"Any person who shall wilfully and lewdly commit any lewd or lascivious act or acts upon or with the body or any part or member thereof of a minor or child under the age of sixteen years, with the intent of arousing, appealing to, or gratifying the lust or passions or sexual desires of such person or of such minor or child, shall be guilty of a felony and shall be imprisoned in the State Prison for a term of not more than life."

Defendant's demurrer is as follows:

"That the facts stated in said Indictment do not constitute a public offense in that Section 18-6607, Idaho Code (S.L. '49, Ch. 214, p. 455) is unconstitutional and therefore void ab initio for the following reasons:

"a. Section 18-6607 denies the defendant the equal protection of the laws of the State of Idaho guaranteed by Section 1 of the 14th Amendment to the Federal Constitution.

"b. Section 18-6607 provides for cruel and unusual punishment in violation of Article 1, Section 6 of the Idaho Constitution.

"c. Section 18-6607 is indefinite and uncertain and by the Indictment under this unconstitutional act defendant is threatened the loss of liberty without due process of law in violation of Article 1, Section 13 of the Idaho Constitution."

The court sustained the demurrer and discharged the defendant. The State appeals.

The equal protection clause of the 14th Amendment establishes the right of citizens of the several states to equal treatment under state law. It recognizes the right of the state, through its legislature, to classify persons and property, based upon reasonable and natural distinctions, to accomplish the legitimate purposes of its police power. If the classification is not unreasonable, arbitrary or capricious, and under it all persons in like circumstances enjoy the same privileges and bear the same burdens, the classification does not deny equal protection of the law. State v. Calloway, 11 Idaho 719, 84 P. 27, 4 L.R.A., N.S., 109; In re Mallon, 16 Idaho 737, 102 P. 374, 22 L.R.A., N.S., 1123; State v. Horn, 27 Idaho 782, 152 P. 275; In re Bottjer, 45 Idaho 168, 260 P. 1095; State ex rel. Nielson v. Lindstrom,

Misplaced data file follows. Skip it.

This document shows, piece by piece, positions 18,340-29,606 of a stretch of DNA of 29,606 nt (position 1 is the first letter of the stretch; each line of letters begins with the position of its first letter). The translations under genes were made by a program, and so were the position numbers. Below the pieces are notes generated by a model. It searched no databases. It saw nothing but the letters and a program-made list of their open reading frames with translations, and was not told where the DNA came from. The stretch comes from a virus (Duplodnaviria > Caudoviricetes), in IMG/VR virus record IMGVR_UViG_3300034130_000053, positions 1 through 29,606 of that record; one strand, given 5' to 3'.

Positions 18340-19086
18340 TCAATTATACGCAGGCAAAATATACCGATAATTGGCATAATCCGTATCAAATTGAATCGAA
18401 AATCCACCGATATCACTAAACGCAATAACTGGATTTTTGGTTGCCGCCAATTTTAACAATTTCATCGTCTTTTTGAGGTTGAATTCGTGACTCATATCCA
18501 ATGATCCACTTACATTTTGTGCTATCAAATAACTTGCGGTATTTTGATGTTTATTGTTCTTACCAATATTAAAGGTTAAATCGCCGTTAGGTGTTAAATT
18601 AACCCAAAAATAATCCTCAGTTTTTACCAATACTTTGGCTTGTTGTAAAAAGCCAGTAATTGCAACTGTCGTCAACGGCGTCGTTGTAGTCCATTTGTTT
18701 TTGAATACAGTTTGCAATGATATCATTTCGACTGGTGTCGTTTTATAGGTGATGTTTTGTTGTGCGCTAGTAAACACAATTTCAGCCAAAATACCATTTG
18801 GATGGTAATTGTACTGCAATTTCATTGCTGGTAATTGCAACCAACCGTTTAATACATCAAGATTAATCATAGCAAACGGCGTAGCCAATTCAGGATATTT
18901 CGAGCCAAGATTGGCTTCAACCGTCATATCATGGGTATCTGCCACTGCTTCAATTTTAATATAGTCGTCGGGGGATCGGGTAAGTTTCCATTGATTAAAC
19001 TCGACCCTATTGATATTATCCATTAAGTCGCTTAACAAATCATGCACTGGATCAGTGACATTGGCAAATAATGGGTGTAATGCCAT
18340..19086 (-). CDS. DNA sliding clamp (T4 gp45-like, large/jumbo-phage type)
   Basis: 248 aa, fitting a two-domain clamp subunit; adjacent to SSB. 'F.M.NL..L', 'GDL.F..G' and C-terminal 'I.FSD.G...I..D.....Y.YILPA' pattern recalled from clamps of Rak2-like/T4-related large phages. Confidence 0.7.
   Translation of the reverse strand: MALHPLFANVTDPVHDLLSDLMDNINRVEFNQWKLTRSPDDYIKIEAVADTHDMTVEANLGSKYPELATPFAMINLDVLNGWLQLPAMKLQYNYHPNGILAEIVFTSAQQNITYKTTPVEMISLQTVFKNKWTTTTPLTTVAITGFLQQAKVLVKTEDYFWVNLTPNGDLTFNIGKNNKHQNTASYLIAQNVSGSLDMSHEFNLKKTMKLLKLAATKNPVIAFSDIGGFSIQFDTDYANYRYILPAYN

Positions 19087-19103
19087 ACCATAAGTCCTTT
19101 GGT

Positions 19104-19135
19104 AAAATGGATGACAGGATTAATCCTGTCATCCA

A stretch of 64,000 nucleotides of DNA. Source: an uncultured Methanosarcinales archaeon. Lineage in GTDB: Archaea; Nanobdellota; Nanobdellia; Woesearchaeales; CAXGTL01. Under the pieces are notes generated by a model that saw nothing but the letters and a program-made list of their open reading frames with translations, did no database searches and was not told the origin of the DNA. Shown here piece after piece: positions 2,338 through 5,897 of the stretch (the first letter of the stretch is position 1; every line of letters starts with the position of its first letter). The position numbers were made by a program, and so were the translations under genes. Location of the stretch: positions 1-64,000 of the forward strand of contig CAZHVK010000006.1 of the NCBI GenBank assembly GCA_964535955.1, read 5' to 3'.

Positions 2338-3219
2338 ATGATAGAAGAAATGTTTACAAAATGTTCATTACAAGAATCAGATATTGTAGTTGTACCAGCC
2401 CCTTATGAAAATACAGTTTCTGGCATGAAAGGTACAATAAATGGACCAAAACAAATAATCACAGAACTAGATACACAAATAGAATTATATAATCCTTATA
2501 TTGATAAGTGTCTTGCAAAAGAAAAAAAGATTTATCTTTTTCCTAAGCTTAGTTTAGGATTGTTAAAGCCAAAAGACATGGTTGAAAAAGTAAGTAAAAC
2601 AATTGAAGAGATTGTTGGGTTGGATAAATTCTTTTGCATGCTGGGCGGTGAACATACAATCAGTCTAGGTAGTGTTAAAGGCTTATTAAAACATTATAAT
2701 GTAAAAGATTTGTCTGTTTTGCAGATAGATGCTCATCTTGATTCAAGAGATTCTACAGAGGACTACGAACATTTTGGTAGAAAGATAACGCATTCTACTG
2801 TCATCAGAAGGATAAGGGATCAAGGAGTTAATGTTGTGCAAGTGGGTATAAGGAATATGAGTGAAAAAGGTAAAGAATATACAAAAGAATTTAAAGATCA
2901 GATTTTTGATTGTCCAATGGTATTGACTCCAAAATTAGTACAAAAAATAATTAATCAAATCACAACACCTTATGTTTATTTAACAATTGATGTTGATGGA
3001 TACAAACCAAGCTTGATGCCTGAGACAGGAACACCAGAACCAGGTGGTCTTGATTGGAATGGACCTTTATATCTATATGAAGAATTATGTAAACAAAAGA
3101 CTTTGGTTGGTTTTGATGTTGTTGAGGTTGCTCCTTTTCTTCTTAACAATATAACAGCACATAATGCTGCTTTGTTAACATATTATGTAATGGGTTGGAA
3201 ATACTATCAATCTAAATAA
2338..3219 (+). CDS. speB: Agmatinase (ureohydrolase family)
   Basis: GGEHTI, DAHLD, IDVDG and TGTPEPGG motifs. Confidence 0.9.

68 Idaho 226, 191 P.2d 1009; People v. George, 42 Cal.App.2d 568, 109 P.2d 404; Chenoweth v. State Board of Medical Examiners, 57 Colo. 74, 141 P. 132, 51 L.R.A., N.S., 958; Ratcliff v. State, 106 Tex.Cr.R. 37, 289 S.W. 1072; Com. of Pennsylvania ex rel. Sullivan v. Ashe, 302 U.S. 51, 58 S.Ct. 59, 82 L.Ed. 43; 16 C.J.S., Constitutional Law, § 489, page 954. Classifications which recognize the need of special safeguards and protection for children are universally recognized. People v. Walton, 70 Cal.App.2d Supp. 862, 161 P.2d 498; 16 C.J.S., Constitutional Law, § 491; 12 Am.Jur., Const. Law, § 498.

The inequality urged here is that the specific acts charged in the indictment as a violation of § 18-6607 are inferentially sufficient to charge the crime of assault with intent to commit rape (§ 18-907 I.C.) or some other sex crime the punishment for which is less than that provided by the statute under which the indictment is found. Hence, it is urged that the defendant may be subjected to a sentence of life imprisonment for acts which, if committed by another in like circumstances and charged — in the arbitrary discretion of the prosecuting officer — under another statute, would incur a penalty of only fourteen years or less. Thus, two persons in like circumstances may suffer different penalties, and are, therefore, denied equal protection of the law. A reading of the statutes defining other sex crimes makes it apparent that each deals with distinct and different acts and conduct by persons in different status or classifications than those set forth in § 18-6607. The nearest in point of definition, and from the similarity of the acts which may constitute the crime, is assault with intent to commit rape ( 18-907) involving as it does the definition of simple assault, which is as follows:

"An assault is an unlawful attempt, coupled with a present ability, to commit a violent injury on the person of another." § 18-901 I.C.

When such an assault is coupled with the intent to commit rape, then the crime defined by § 18-907 is committed. The acts enumerated in this definition are not necessarily the same as those described in § 18-6607. When the intent in the two sections is taken into consideration in connection with the acts, it becomes apparent that distinct crimes are defined. If it is urged that the intent to rape is synonymous with the intent of "gratifying the lust or passions or sexual desires," the answer is that the two may also be entirely different. We conclude that the statute does not make an arbitrary or unreasonable classification, and does not deny defendant equal protection of the laws.